Raspberries 8th August 2010

Raspberries planted out today. Bed had previously been prepared with cow manure and dug over. Plants spaced 40cm apart in a single row. Plan is to expand the bed in the next year or two by striking some cuttings.

South to North in pairs.

  1. ‘Tulameen’ from Diggers as a dormant plant in a pot.
  2. ”Chilliwack’ from Diggers as a dormant bare rooted plant.
  3. ‘Heritage’ from Diggers as a dormant plant in a pot.
  4. ‘Williamette’ from Diggers as a dormant plant in a pot.

Tulameen (Rubus Idaeus ‘Tulameen’)

Tulameen Raspberry

Vigorous canes carry large and firm berries of great flavour in profusion in mid-summer, perfect for that summer pudding on Christmas day.

Chilliwack (Rubus Idaeus ‘Chilliwack’)

Chilliwack Raspberry

Summer fruiting raspberry that holds fruit well on the canes so that you can revisit every few days to pick fruit at premium ripeness. Sturdy almost thornless canes carry sweet fat fruit in mid-summer.

Heritage (Rubus Idaeus ‘Heritage’)

Heritage Raspberry

One of the autumn fruiting raspberries that are the easiest to prune because you just cut the whole lot down to the ground in winter. This variety produces a light summer crop followed by huge yields in autumn until the frosts start.

Williamette (Rubus Idaeus ‘Williamette’)

Williamette Raspberry

Dark red raspberries when fully ripe. Bares a heavy summer crops on last years canes often followed by a small autumn crop on new and old canes (a characteristic called dual cropping ).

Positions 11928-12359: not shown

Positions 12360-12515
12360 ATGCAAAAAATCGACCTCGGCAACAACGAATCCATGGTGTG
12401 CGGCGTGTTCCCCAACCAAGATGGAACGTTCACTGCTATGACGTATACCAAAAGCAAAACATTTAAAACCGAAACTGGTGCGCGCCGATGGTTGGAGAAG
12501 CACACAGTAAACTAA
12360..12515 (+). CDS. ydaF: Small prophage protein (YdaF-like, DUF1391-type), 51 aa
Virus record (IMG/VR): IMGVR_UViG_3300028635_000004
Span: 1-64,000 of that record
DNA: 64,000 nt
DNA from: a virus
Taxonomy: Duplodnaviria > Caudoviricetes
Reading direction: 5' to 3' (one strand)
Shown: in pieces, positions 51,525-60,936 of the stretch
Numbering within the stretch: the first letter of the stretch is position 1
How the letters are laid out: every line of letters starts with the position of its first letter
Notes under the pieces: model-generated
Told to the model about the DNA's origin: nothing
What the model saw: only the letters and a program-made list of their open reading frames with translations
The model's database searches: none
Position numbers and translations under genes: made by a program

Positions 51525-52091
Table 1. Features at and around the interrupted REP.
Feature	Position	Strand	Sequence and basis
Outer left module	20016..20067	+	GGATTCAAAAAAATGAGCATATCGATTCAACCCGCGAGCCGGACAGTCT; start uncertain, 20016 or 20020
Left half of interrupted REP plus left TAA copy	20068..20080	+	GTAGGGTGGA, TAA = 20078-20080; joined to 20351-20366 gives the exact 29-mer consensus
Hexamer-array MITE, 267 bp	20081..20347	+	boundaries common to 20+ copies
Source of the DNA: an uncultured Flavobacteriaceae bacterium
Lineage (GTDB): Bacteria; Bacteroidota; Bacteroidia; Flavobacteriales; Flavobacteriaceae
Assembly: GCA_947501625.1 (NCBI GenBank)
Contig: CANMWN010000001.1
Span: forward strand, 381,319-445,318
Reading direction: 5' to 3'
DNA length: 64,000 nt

9th July 2010

The new raspberry bed was rotary hoed in preparation for the new raspberry plants due to arrive soon from Diggers Club. Bed to have composted cow manure incorporated prior to planting.

Tags: , , , , ,

2 Responses to “Raspberries 8th August 2010”

  1. Dave Says:

    Hi Adrian,
    How have these varieties done for you?

    • Adrian Kuys Says:

      Hello Dave. I can’t say I am very impressed with any of these. Generally many plants from this source fail. I think that plants are usually too immature when they are posted. I have since tried plants from another supplier and one of their varieties performed very well in our hottest summer on record (not so much heat waves as being in the 30’s C most days). The best of the new varieties, all of which came from New Gippsland Nursery, was one they called ‘Smoothie’. I will try to post an end of summer report this week. Smoothie produced lots of sweet tasty fruit in 2 flushes from first year plants and thrived in full sun all summer!

Leave a Reply

Fill in your details below or click an icon to log in:

WordPress.com Logo

You are commenting using your WordPress.com account. Log Out / Change )

Twitter picture

You are commenting using your Twitter account. Log Out / Change )

Facebook photo

You are commenting using your Facebook account. Log Out / Change )

Google+ photo

You are commenting using your Google+ account. Log Out / Change )

Connecting to %s


%d bloggers like this: